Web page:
Kevin Corrado, publisher of the chain’s Green Bay Press-Gazette, spoke the company line in a Mar. 24 column in which he stated that signing the petition constituted a “breach of Gannett’s principles of ethical conduct.” Promising “disciplinary measures” and additional “ethics training” for the signatories, Corrado continued:
A number of the journalists told their editors that they did not consider signing the petition a political act. They equated it to casting a ballot in an election. But we do not make that distinction.
According to Corrado, the Gannett 25 violated six of the 32 principles of ethical conduct in the company code of ethics, even though none of the busted journalists were covering politics. (It appears that the journalists were swept up in a dragnet that Gannett investigative reporters knit to capture the circuit court judges who signed petitions, not journalists. They bagged 29 judges, 12 percent of the state’s county-level judiciary.)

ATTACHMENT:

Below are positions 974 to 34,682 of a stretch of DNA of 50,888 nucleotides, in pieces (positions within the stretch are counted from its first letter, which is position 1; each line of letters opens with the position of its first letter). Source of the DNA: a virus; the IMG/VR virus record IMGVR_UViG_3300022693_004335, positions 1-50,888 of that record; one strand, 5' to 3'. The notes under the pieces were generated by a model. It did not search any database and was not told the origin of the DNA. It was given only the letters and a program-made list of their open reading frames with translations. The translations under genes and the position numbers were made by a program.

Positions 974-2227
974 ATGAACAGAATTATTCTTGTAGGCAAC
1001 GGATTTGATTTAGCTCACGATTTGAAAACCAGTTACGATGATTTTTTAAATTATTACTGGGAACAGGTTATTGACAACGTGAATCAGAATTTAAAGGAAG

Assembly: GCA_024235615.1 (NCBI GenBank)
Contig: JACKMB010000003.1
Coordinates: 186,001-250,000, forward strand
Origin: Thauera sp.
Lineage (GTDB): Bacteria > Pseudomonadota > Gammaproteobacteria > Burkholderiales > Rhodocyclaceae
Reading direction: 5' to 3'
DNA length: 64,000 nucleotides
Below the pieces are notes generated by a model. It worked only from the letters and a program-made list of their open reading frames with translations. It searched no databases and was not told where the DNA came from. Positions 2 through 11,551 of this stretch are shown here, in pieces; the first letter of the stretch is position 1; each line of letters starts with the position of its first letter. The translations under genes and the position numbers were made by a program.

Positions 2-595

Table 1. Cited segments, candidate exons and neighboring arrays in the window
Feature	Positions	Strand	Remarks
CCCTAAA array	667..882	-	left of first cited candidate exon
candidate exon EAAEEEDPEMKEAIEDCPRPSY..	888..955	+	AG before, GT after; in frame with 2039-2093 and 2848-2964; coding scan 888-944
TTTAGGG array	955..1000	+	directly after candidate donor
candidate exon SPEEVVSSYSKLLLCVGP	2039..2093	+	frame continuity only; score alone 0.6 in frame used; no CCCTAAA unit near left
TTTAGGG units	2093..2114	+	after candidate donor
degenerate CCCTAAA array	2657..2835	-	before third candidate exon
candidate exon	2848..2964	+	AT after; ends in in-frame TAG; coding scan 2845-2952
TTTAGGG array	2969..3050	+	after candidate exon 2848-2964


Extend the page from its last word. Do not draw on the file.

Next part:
The jurist in me thinks that the Gannett 25 could easily beat the charges – which vary from not being impartial to being prey to potential conflicts of interest – in traffic court. To begin with, voting for a candidate – a grossly political act by any measure – displays much more partiality than signing a petition calling for a new election. When you vote, you declare for one candidate over the others. But signing a recall petition makes a more subtle statement, something along the lines of: “How about a do-over of the election?” If it’s all right for journalists to vote, surely it should be all right for journalists to express their view that there should be a new vote. The quantity of activism here is almost unmeasurable!